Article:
If the first group of people considering that two countries are in this battle because of Russian tactics, the second group of people like the Deputy of the State Duma of the Russian Federation Alexei Chepa noting that the cause of this conflict lies not only in unresolved disputes between the two countries. They suppose the external forces, primarily enemies of Russia, have decided to take advantage of the situation and create conflicts in the region. As they use the internal problems of Tajikistan and the conflict situation with Afghanistan, where the United States left a huge amount of weapons and a certain contingent of troops. And all this are aimed at using conflicts to further discredit Russia. We see this in the example of conflicts arising in Kazakhstan, Armenia and Azerbaijan and in some countries of the Caucasus.

This conflict would repeatedly escalate and next time would lead more death of civilians until the demarcation and delimitation of Kyrgyz-Tajik borders process would be finished and signed. This kind of military battles can lead to the unleashing of a large-scale interstate conflict, as well as to the destabilization of the situation in the Central Asian region as well.

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Shanghai Cooperation Organization: Crouching Tiger, Hidden Dragon

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On September 15 and 16, 2022, the extended format of participants of the Shanghai Cooperation Organization (SCO) are scheduled to meet in Samarkand, the ancient Silk Road Karavansarai in Uzbekistan. SCO —founded in 2001— is the first international organization founded by Beijing. It started as the Shanghai Five with the task of demarcating borders between China and its Central Asian neighbors: Kazakhstan, the Kyrgyz Republic, Russia, and Tajikistan, following the breakup of the Soviet Union. The meeting in Samarkand marks the 21st Head of State summit of this organization, which is growing in international importance. All Heads of member states have confirmed their attendance.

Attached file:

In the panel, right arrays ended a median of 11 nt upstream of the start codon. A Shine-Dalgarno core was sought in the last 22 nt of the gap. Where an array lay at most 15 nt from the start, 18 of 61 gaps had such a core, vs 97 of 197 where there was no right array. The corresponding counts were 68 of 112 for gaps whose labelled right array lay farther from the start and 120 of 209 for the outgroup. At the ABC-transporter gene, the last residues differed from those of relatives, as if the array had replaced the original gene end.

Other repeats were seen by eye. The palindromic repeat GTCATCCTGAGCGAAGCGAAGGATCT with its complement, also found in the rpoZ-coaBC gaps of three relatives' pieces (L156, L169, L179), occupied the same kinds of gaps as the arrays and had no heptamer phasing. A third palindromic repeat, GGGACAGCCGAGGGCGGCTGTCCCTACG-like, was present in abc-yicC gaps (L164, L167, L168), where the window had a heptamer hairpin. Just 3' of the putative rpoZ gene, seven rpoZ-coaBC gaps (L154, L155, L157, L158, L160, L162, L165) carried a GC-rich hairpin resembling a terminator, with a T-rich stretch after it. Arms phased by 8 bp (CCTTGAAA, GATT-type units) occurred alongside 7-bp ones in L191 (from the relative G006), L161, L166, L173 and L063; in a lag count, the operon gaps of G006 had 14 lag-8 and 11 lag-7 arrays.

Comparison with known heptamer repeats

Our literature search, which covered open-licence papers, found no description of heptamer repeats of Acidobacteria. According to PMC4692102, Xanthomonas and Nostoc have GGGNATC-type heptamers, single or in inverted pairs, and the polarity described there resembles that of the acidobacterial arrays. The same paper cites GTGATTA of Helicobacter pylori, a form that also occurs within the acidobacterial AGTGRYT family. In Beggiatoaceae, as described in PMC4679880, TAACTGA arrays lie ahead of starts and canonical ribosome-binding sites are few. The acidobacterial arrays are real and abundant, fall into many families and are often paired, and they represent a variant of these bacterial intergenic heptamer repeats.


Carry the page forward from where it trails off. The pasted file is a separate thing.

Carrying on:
SCO came to the attention of Washington policy makers, when Vladimir Putin used it as a vehicle to set a timeline on U.S. bases in Central Asia there to support operations in Afghanistan. Through direct engagement of President Bush with Chinese President Hu Jintao, this deadline was not repeated in the communique of the following year. This demonstrated Beijing’s unwillingness to have an open rift with Washington and made clear China’s leadership of the organization. Beijing’s interest in preventing anti-American statements has changed in the last 17 years. With the return of Great Power Competition in the Washington-Beijing relationship, who leads the SCO and what is on its agenda should be of considerable interest in Washington.